When Deloitte asked leaders in the HR field what they thought AI would bring to their businesses, they found that 38% of respondents had begun the transition to AI already.
Sixty-eight percent expected to begin implementing it by 2018. This isn’t going to have an abstract effect: we’re all going to go to work with the results of the AI revolution. Many of us already do. So which job roles and tasks are going to change the most, and how will that affect the tech sector on a day-to-day basis?
These 5 jobs will be changed utterly by 2022 as AI remakes the workplace.
1: Software Developers
We’ve all had time to get used to the idea that AIs can beat human game players, even in complex games like chess and Go. But what’s more unexpected is the possibility that AIs might move on to creating games, or augmenting human developers as they create games, apps and even full-blown enterprise platforms.
Creative, or pseudocreative, AIs have a long pedigree. We can look back to Simon Colton’s AI experiment, the Painting Fool, ‘a computer program and aspiring painter.’ That was interesting – but ANGELINA is the AI to make developers look up. Standing for ‘A Novel Game-Evolving Labrat I’ve Named Angelina,’ the project is the work of Michael Cook, researcher and PhD student who hopes it’s a step on the way to software that can interact with human culture.
It’s familiar in AI to see replacement technology – machines that can paint, write, design, or develop – hit the headlines. These projects won’t be in the workplace for a while, if ever. But developers will likely see the necessity to hand code gradually disappear. That’s part of a trend that’s been going on for a while – once, you had to be able to code to a decent level to get anything out of a computer. No HTML, no website. Now, graphical interfaces increasingly merge design and development.
The restrictive graphical interfaces nondevelopers use to design and develop, essentially mixing and matching a range of off-the-peg elements, will be replaced by AI-augmented interfaces that autocode for requested items – potentially replacing or disrupting the lucrative market for WordPress templates among other businesses.
Where the developer at work now hand codes or checks GitHub when she isn’t sure, these processes may both be automated, drawing on the web and internal collections of previously coded solutions initially.
What effect will this have on development more broadly? After all, it’s developers who program the AI, right? Those jobs should still be safe.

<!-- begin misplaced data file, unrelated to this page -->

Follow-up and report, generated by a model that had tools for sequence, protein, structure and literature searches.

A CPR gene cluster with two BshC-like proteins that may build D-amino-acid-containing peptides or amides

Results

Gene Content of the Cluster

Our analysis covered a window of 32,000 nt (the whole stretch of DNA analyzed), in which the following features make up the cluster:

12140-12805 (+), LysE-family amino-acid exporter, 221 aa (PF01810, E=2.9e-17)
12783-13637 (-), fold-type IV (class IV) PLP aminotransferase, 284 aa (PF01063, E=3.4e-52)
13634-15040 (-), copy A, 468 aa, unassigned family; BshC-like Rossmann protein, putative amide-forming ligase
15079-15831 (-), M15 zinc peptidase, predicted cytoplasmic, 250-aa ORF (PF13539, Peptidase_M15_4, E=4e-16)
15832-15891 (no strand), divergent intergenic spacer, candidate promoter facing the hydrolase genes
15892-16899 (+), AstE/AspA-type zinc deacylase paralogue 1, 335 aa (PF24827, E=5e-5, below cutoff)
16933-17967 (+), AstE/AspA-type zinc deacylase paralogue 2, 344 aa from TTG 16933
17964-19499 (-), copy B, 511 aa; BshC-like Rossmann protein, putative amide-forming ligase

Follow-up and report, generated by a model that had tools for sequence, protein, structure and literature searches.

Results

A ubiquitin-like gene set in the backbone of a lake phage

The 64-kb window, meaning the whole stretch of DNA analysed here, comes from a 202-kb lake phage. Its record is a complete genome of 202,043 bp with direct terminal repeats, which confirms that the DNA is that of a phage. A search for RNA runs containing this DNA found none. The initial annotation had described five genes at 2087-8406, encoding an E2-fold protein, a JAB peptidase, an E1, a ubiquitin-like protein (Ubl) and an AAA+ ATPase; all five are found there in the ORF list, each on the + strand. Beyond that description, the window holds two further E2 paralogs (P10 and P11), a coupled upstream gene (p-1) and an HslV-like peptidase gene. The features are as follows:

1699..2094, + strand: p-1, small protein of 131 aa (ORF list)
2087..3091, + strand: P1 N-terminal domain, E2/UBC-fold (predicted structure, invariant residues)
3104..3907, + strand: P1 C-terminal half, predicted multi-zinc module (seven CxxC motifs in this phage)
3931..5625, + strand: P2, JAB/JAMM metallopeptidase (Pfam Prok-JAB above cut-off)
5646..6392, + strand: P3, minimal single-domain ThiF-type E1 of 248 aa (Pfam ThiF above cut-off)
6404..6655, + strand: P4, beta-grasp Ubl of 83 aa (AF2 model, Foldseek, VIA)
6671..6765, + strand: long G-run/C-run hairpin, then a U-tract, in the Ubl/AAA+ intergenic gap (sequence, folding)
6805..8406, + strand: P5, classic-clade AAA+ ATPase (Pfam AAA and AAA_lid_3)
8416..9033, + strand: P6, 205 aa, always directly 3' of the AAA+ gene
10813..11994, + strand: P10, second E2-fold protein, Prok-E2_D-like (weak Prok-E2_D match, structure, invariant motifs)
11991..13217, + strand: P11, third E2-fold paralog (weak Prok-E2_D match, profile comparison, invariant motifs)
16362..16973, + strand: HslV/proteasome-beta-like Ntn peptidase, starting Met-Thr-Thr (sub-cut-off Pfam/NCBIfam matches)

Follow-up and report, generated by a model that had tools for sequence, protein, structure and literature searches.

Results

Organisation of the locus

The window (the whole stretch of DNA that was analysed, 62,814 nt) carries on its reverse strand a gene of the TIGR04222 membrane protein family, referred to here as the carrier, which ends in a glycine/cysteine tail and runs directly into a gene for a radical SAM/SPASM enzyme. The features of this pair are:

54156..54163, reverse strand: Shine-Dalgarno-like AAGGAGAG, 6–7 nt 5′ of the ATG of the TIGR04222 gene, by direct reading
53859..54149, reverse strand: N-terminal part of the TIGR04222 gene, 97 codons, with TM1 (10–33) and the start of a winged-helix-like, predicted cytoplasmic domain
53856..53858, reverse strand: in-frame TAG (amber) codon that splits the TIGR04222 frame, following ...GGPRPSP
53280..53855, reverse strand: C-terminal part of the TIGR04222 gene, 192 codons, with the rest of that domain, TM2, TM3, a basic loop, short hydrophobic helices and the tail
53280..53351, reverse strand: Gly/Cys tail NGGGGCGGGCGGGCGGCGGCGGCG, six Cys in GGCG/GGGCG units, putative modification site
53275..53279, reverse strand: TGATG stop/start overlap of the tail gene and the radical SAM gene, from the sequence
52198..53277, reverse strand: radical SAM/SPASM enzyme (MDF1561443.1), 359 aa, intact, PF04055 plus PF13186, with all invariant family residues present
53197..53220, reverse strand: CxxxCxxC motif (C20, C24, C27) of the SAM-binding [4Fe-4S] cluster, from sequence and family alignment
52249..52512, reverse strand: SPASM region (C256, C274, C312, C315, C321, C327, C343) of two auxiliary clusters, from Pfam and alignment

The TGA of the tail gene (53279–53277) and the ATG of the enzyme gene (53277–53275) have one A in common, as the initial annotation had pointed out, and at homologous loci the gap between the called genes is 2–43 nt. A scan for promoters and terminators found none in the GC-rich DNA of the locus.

Actually, that’s not something to rely on. AI is becoming quite productive of novel code. Google’s AI-enabled translation software is generating its own internal language; Facebook’s AI experiments created their own language and began talking to each other before anyone managed to shut them off. But those pale beside Microsoft’s DeepCoder, which presages an age when AI writes code instead of following it.
Five years out, don’t be surprised to see development as an ‘AI-supervising’ role, and development as a standalone discipline disappearing as a business skill.
As that happens, other roles in software engineering will be affected too. Generally speaking, the more a role deals with judgement and foresight and the fewer repeatable, structured actions it requires, the later AI is likely to affect that role. Architects, for instance, will face serious competition from AI later than software developers. And quality assurance might get some AI augmentation, but the human element of crafting software for humans to use means they’ll be in their seats for a while yet.
As CIOs struggle to accommodate the changes in their role that AI brings, there’s been the suggestion that the ideal solution is to give AI its own department and name a CAIO – a Chief Artificial Intelligence Officer – to the C suite.
Head of sales and development at Rainbird, Matthew Buskell, says:
I would argue, however, that AI presents opportunities in strategic Innovation like Digital Transformation and Industry 4.0 but it also dramatically impacts process improvement projects found across the business. Therefore there is merit in having this as a role reporting directly into the CEO.
At the end of the day, the fact is AI is so profound it deserves its own leader and department.
Writing for HBR, Andrew Ng concurs: ‘To the majority of companies that have data but lack deep AI knowledge,’ he says, ‘I recommend hiring a chief AI officer or a VP of AI,’ adding that ‘some chief data officers and forward-thinking CIOs are effectively taking on this role.’